Years ago I found that curl and sassy shad tails worked some of the time, but not most
of the time. A few years ago I found that no-tail or straight tail plastic grubs worked best whenever I was in the right spots -for even the most inactive fish. One thing any angler can try is to modify what they already own so that the lure can now be retrieved at the slowest rate possible for any fish activity and for most fish species.
It's amazing what you can do with a candle flame to modify a soft plastic lure. The following simple process allows you to modify a curl tail grub into a straight tail and to connect parts of two different lures of your choice.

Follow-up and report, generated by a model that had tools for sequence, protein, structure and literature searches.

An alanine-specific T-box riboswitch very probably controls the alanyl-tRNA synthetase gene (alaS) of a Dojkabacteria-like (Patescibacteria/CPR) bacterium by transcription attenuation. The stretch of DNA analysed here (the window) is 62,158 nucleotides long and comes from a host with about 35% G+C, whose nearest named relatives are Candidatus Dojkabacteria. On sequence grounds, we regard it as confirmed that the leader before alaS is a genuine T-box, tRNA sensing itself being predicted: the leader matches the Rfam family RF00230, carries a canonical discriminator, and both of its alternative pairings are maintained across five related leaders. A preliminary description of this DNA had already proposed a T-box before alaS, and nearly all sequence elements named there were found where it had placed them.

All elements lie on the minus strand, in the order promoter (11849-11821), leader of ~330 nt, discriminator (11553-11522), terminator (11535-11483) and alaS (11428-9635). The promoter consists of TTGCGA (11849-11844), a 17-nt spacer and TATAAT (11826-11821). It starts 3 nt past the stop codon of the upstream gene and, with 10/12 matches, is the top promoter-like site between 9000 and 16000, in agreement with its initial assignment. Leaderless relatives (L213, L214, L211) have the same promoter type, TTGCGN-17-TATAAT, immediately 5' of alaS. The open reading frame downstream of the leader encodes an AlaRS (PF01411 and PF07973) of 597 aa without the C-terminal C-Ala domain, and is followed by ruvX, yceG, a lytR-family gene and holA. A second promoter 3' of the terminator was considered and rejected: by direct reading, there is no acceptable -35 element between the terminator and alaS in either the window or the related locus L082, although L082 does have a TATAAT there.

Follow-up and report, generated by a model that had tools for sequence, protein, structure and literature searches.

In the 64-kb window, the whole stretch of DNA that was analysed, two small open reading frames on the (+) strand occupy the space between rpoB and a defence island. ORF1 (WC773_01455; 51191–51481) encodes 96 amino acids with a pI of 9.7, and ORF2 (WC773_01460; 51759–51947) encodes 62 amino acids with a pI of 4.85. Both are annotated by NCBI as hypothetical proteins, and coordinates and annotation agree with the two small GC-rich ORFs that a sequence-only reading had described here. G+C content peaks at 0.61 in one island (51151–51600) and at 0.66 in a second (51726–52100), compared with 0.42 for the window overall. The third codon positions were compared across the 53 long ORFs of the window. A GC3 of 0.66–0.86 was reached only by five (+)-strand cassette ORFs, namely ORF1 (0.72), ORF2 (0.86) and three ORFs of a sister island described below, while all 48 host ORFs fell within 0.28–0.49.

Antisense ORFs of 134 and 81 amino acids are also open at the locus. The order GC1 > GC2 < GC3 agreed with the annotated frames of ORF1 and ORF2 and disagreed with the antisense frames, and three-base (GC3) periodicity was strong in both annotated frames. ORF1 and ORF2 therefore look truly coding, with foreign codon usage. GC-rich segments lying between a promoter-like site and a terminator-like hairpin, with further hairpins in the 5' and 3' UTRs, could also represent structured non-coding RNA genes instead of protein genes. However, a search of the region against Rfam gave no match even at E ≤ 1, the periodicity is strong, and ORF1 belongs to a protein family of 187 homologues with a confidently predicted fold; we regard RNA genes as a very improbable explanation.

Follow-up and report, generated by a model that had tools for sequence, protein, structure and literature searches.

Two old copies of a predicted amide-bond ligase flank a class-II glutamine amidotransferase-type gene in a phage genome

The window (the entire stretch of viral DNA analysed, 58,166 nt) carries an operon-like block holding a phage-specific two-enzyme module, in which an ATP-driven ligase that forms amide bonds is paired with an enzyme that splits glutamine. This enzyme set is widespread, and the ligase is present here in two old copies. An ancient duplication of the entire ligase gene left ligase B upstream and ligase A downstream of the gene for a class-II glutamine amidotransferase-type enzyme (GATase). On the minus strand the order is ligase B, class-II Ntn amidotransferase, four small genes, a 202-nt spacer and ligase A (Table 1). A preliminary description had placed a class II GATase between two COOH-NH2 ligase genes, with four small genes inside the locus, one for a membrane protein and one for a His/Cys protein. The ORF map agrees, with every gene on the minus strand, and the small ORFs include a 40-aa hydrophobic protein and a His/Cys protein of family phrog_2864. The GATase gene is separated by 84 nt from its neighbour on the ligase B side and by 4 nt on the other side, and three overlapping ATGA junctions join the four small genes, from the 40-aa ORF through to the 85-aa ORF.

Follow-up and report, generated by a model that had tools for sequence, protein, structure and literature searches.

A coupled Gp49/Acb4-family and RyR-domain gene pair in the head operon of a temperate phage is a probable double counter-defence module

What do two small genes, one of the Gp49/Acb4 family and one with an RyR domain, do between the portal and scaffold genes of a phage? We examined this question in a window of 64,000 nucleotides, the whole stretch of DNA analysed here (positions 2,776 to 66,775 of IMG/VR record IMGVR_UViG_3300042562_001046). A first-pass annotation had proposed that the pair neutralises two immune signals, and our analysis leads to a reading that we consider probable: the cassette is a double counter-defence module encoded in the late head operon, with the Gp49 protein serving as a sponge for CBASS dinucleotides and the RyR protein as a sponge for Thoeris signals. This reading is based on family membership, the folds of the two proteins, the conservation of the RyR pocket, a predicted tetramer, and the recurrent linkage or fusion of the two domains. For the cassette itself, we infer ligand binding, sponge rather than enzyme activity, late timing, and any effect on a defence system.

I haven't been crazy about using curl tail grubs for some time and accidentally caught bunches of fish with a cone tail
grub made by accident. Other than cone tails, I found out that thin straight tail grubs worked as well when rigged on light jig heads.
The following straight tail was made from a curl tail:
I like the body of one and the tail of another and decided to fuse the parts using a candle flame:
As you can see, the straight orange tail was cut from the curl tail and fused to the grub body of a different color:
Never hold the ends over the flame for two long or too much melting of the ends happen. I slightly melt one and then the other end and hold together for five seconds:
This was just an example of how you can modify a plastic lure any way you can think of : shorten, add/combine or delete parts, make a new body or tail shape.
The other soft plastic lure making process I use does not
require a mold and one design I discovered by accident has made catching fish every time I go out a certainty.